Gooey Goodness - Daring Bakers' Cinnamon Rolls And Sticky Buns
Sunday, September 30, 2007
Are you ready for Fall yet? Well, you might with these Cinnamon and Sticky Buns, courtesy of the Daring Bakers, September edition. If I were you I would trust the numerous other Daring Bakers out there (over 100 by now), tempting you with pictures of gooey goodness and telling you how wonderful and soft these are. If anything, trust me: I have made them 4 times since the recipe was announced by Marce from Pip In The City, our hostess this month. Each month takes on a different aspect as far as the challenges and recipes are concerned. Sometimes, it is the challenge of coordinating schedules, sometimes it is trying to be creative with presentation or design, this time it was just difficult to keep them around long enough to share, let alone take pictures!
Everything about this recipe from Peter Reinhart’s The Bread Baker´s Apprentice made me want to make it again and again. Lisa got us started on a comical note as poor lady was suffering tremendously from her back and made the buns within the first week of September while high on painkillers. I expect her post to draw tears from my eyes, but her experience seriously made me crave sticky buns and cinnamon rolls. I made my first batch a couple of days later, in the evening, with the intention to photograph them in the morning and bring some to the neighbors before. When I got up, my husband was long gone…so was my tray of walnut sticky buns when they should have been awaiting their photo shoot! I thought that by no, he would now the rules of baking/blogging: don’t take any, don’t give any, don’t hide any until it has been photographed…nope! I got a sweet note form one of his students a few days later “Thank you Mrs. Tartelette, the sticky buns were delicious and it was great to start the day like this…” Well, I wish I had been there too!!
Now, you understand my challenge this month…but it deter me to make them again and again. I froze the cinnamon buns and proceeded to make the buns, this time with cranberries and pistachios. Probably my favorite combo of nuts/berries and it worked really well taste wise and packed a punch of visual appeal when I served them to my parents for brunch a couple of weeks ago. I changed the filling to cardamom instead of cinnamon a few times and it was jsut out of this world. We all loved the buttery goodness, (well, that’s a given with one pound of butter in the caramel part), the moistness of the dough and all the cinnamon flavor we tasted with every bite. I found that there was more than enough cinnamon sugar (used inside the rolls and buns) as well as powdered sugar glaze for the rolls. Turned out B. adds glaze as he eats away so if our mate is anything like mine, who knows?!!
Cinnamon and Sticky Buns (from Peter Reinhart's The Bread Baker's Apprentice)
Days to Make: One (1)Active/Resting/Baking Time: 15 minutes to mix, 3 1/2 hours fermentation/shaping/proofing, 20 - 40 minutes to bakeRecipe Quantity: Eight(1) - twelve (12) large rolls or twelve (12) - sixteen (16) small rollsMaking the Dough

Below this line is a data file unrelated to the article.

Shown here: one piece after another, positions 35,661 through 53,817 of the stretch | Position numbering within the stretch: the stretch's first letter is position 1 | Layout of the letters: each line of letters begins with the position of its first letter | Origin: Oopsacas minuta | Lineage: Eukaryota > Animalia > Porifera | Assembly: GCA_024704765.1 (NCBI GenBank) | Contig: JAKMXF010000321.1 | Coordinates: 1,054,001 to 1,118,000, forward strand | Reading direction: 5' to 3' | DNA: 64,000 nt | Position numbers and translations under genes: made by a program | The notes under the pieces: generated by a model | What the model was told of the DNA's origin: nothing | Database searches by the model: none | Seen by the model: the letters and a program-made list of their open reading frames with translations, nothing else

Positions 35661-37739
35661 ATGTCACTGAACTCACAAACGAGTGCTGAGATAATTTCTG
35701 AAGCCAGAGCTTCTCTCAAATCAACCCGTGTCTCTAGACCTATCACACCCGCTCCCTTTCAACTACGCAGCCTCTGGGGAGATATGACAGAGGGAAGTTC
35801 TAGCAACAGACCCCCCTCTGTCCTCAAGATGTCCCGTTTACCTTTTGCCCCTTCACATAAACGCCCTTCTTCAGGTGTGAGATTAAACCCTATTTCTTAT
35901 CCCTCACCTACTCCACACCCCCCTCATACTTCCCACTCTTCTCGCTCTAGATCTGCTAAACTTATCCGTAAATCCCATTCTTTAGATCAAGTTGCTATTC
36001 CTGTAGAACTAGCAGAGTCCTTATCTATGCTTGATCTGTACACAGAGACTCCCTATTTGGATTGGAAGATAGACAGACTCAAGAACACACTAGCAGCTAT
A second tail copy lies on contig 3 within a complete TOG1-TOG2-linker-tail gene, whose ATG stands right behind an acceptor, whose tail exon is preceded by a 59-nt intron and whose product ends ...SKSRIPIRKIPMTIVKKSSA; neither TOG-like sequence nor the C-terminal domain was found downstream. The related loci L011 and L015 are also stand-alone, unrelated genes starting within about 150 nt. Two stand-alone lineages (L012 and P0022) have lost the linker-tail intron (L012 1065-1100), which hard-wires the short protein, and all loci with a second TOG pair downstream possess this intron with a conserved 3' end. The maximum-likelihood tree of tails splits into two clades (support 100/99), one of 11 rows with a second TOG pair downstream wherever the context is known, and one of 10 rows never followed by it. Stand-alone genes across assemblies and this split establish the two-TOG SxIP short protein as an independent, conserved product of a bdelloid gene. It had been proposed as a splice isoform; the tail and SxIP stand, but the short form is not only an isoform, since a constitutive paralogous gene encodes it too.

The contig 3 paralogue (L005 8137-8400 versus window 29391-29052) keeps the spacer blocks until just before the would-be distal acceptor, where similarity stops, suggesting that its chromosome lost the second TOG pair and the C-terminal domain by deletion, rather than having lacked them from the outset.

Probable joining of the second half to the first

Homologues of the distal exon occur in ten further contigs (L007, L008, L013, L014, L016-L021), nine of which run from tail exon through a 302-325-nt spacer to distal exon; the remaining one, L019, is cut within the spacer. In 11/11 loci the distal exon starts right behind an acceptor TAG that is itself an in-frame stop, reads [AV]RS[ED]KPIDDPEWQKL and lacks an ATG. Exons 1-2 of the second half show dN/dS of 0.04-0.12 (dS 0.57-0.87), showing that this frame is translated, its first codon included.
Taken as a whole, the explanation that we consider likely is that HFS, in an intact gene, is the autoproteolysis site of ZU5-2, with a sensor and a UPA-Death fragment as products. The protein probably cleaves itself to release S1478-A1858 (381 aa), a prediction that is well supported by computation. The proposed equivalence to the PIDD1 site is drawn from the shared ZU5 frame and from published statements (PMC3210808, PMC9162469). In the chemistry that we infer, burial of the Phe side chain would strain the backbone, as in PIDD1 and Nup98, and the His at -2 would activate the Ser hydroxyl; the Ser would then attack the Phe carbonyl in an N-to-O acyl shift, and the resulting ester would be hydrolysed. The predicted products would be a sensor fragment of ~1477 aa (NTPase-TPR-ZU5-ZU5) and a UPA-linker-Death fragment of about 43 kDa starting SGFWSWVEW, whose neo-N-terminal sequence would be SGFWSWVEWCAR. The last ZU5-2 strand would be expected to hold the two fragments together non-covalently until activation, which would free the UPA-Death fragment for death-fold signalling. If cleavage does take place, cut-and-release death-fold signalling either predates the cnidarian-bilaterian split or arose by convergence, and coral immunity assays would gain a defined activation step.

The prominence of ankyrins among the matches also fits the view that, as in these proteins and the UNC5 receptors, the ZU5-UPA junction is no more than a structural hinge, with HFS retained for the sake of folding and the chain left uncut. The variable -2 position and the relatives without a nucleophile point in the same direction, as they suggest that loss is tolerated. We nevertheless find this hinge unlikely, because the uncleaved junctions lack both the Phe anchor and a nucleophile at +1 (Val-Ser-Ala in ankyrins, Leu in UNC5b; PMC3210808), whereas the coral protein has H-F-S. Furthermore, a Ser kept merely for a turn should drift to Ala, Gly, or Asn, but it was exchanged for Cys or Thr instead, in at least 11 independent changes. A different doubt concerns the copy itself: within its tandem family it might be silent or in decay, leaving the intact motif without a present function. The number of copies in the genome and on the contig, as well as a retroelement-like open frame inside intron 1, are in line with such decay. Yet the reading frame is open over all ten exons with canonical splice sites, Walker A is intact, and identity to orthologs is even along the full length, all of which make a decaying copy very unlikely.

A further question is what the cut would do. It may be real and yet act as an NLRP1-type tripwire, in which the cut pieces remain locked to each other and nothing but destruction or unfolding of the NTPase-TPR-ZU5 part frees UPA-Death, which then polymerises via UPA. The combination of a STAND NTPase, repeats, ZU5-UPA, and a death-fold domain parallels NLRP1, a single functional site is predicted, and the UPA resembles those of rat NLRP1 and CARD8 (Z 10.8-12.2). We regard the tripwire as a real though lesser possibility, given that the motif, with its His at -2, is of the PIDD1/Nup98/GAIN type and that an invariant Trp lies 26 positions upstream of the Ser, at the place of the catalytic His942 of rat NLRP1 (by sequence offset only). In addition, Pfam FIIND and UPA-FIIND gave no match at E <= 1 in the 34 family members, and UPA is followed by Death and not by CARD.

6 1/2 tablespoons (3.25 ounces) granulated sugar
1 teaspoon salt
5 1/2 tablespoons (2.75 ounces) shortening or unsalted butter or margarine
1 large egg, slightly beaten
1 teaspoon lemon extract OR 1 teaspoon grated zest of 1 lemon
3 1/2 cups (16 ounces) unbleached bread or all-purpose flour
2 teaspoons instant yeast*
1 1/8 to 1 1/4 cups whole milk or buttermilk, at room temperature OR 3 tablespoons powdered milk (DMS) and 1 cup water
1/2 cup cinnamon sugar (6 1/2 tablespoons granulated sugar plus 1 1/2 teaspoons ground cinnamon, or any other spices you want to use, cardamom, ginger, allspice, etc.)
White fondant glaze for cinnamon buns or caramel glaze for sticky buns (at the end of the recipe.)
Walnuts, pecans, or other nuts (for sticky buns.)
Raisins or other dried fruit, such as dried cranberries or dried cherries (for sticky buns, optional.)
*Instant yeast contains about 25% more living cells per spoonful than active dry yeast, regardless of the brand. Instant yeast is also called rapid-rise or fast-rising.
Making the Dough: Cream together the sugar, salt, and shortening or butter on medium-high speed in an electric mixer with a paddle attachment (or use a large metal spoon and mixing bowl and do it by hand).
Note: if you are using powdered milk, cream the milk with the sugar, and add the water with the flour and yeast.
Whip in the egg and lemon extract/zest until smooth. Then add the flour, yeast, and milk. Mix on low speed (or stir by hand) until the dough forms a ball. Switch to the dough hook and increase the speed to medium, mixing for approximately 10 minutes (or knead by hand for 12 to 15 minutes), or until the dough is silky and supple, tacky but not sticky. You may have to add a little flour or water while mixing to achieve this texture. Lightly oil a large bowl and transfer the dough to the bowl, rolling it around to coat it with oil. Cover the bowl with plastic wrap.
Fermentation: Ferment at room temperature for approximately 2 hours, or until the dough doubles in size.
Form the Buns: Mist the counter with spray oil and transfer the dough to the counter. Roll out the dough with a rolling pin, lightly dusting the top with flour to keep it from sticking to the pin. Roll it into a rectangle about 2/3 inch thick and 14 inches wide by 12 inches long for larger buns, or 18 inches wide by 9 inches long for smaller buns. Don´t roll out the dough too thin, or the finished buns will be tough and chewy rather than soft and plump. Sprinkle the cinnamon sugar over the surface of the dough and roll the dough up into a cigar-shaped log, creating a cinnamon-sugar spiral as you roll. With the seam side down, cut the dough into 8 to 12 pieces each about 1 3/4 inches thick for larger buns, or 12 to 16 pieces each 1 1/4 inch thick for smaller buns.)